In a music-backed transaction, for example, the royalties originally due to a music publisher/owner 11, and now owed to SPE 30, may be collected by a record company/licensee 50 and distributed to SPE 30. SPE 30 uses the collected royalty revenue to pay the interest and principal on the notes to investors as it becomes due. Once sufficient funds have been collected to pay off the entire principal amount plus interest, the notes become fully paid off and cease to exist. At that point, the assets, and any remaining funds, may revert back to warehouse 20, which may then pass the rights back to owners 11, 12.
  • [0040]
    SPE 30 owns the assets, or a security interest in the assets, during the term of the transaction, and, in the case of default, (i.e. the royalty streams are insufficient to meet the scheduled the interest and principal payments on the notes), SPE 30 may liquidate the rights by selling them to a specific purchaser or at public auction.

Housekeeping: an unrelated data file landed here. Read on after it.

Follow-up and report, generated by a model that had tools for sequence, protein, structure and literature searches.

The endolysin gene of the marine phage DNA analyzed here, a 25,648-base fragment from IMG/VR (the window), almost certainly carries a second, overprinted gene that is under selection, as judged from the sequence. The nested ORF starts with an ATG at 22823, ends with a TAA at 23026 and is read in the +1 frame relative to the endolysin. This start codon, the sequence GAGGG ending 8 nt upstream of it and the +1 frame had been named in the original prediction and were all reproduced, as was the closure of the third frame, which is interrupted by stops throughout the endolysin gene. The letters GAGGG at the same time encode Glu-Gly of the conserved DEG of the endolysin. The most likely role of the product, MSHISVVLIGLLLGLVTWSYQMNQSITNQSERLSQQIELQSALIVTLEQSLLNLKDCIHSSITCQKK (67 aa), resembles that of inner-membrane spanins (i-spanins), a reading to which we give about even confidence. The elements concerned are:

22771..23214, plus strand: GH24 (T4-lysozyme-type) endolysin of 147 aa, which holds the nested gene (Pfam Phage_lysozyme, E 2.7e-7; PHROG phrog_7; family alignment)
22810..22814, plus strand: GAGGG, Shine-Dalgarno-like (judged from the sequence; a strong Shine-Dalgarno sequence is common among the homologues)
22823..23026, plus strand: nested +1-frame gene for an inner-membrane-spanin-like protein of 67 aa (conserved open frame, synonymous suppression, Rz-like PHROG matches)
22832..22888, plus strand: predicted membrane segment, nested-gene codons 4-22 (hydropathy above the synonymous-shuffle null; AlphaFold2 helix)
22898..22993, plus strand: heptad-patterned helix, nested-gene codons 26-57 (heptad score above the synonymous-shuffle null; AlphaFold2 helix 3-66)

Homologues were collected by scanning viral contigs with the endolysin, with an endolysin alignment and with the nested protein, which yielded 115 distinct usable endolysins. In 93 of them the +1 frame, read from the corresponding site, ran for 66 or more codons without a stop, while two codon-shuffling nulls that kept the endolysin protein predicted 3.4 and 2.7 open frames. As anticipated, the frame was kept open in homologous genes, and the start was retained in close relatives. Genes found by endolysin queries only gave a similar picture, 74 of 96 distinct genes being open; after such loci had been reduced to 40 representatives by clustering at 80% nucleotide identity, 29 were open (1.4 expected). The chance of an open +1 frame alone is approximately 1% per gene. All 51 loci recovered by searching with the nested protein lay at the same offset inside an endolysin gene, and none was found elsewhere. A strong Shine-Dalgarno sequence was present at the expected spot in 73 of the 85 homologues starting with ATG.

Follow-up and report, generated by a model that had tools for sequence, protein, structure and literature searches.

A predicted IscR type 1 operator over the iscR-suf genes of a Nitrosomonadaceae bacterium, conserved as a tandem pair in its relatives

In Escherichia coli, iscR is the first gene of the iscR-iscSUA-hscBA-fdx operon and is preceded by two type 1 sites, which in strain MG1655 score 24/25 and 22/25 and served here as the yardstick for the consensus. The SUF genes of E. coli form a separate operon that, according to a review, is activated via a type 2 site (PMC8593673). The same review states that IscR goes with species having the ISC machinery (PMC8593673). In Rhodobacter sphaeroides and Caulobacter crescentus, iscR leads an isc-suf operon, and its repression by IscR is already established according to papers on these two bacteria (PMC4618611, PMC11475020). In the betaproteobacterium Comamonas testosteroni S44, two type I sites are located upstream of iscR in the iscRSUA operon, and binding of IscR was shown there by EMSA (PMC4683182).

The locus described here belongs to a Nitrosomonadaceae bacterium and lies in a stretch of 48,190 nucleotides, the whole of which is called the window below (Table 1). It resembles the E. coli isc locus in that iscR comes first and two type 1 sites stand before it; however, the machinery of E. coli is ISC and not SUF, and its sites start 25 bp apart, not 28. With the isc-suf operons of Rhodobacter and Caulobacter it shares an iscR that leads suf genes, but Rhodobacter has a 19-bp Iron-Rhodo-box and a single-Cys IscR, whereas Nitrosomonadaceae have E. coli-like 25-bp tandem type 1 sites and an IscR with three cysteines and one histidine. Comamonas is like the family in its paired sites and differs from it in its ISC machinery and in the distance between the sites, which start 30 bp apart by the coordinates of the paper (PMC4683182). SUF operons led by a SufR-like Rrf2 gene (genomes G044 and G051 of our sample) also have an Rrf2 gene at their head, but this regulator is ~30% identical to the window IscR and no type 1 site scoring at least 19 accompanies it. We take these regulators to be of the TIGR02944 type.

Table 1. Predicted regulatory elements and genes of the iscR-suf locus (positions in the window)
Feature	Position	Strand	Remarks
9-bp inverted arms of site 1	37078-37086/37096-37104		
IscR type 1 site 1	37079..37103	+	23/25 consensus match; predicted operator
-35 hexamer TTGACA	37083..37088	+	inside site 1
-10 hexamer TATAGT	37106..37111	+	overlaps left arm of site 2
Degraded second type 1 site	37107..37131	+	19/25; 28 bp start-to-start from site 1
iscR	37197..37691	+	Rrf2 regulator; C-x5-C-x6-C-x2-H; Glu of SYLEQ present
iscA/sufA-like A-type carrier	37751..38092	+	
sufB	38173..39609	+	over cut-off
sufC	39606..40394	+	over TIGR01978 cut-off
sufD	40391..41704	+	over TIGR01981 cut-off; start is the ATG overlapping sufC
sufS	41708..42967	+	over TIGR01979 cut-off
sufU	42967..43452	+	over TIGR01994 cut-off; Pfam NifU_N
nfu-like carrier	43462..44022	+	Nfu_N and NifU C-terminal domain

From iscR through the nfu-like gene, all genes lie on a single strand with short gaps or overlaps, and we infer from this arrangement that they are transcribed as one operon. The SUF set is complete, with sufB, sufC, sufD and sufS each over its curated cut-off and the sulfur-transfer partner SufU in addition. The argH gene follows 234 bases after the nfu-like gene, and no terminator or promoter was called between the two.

• [0041]
    Warehouse 20 can be used to collect a wide variety of intellectual property assets, including patent, trademark and copyright rights. Collected music rights may include publishing, mechanical, performance, synchronization, and artist royalties.
  • [0042]
    Before the transaction is structured, the present invention provides for a detailed analysis to be performed of the intellectual property assets to the securitized. FIG. 3 shows the basic flow for the securitized transaction according to the present invention. A preliminary pool of assets in step 100 is created, this pool being selected as will be described with reference to FIG. 4. The pool assets then are cleared in step 110 to ensure that title is proper, and that the actual cash flows generated by the asset are as reported. This step 110 may have already been performed by warehouse 20, although typically the assets are cleared after pool selection. Due diligence costs may exceed $100 per asset for music copyrights, so minimizing due diligence costs is advantageous.
  • [0043]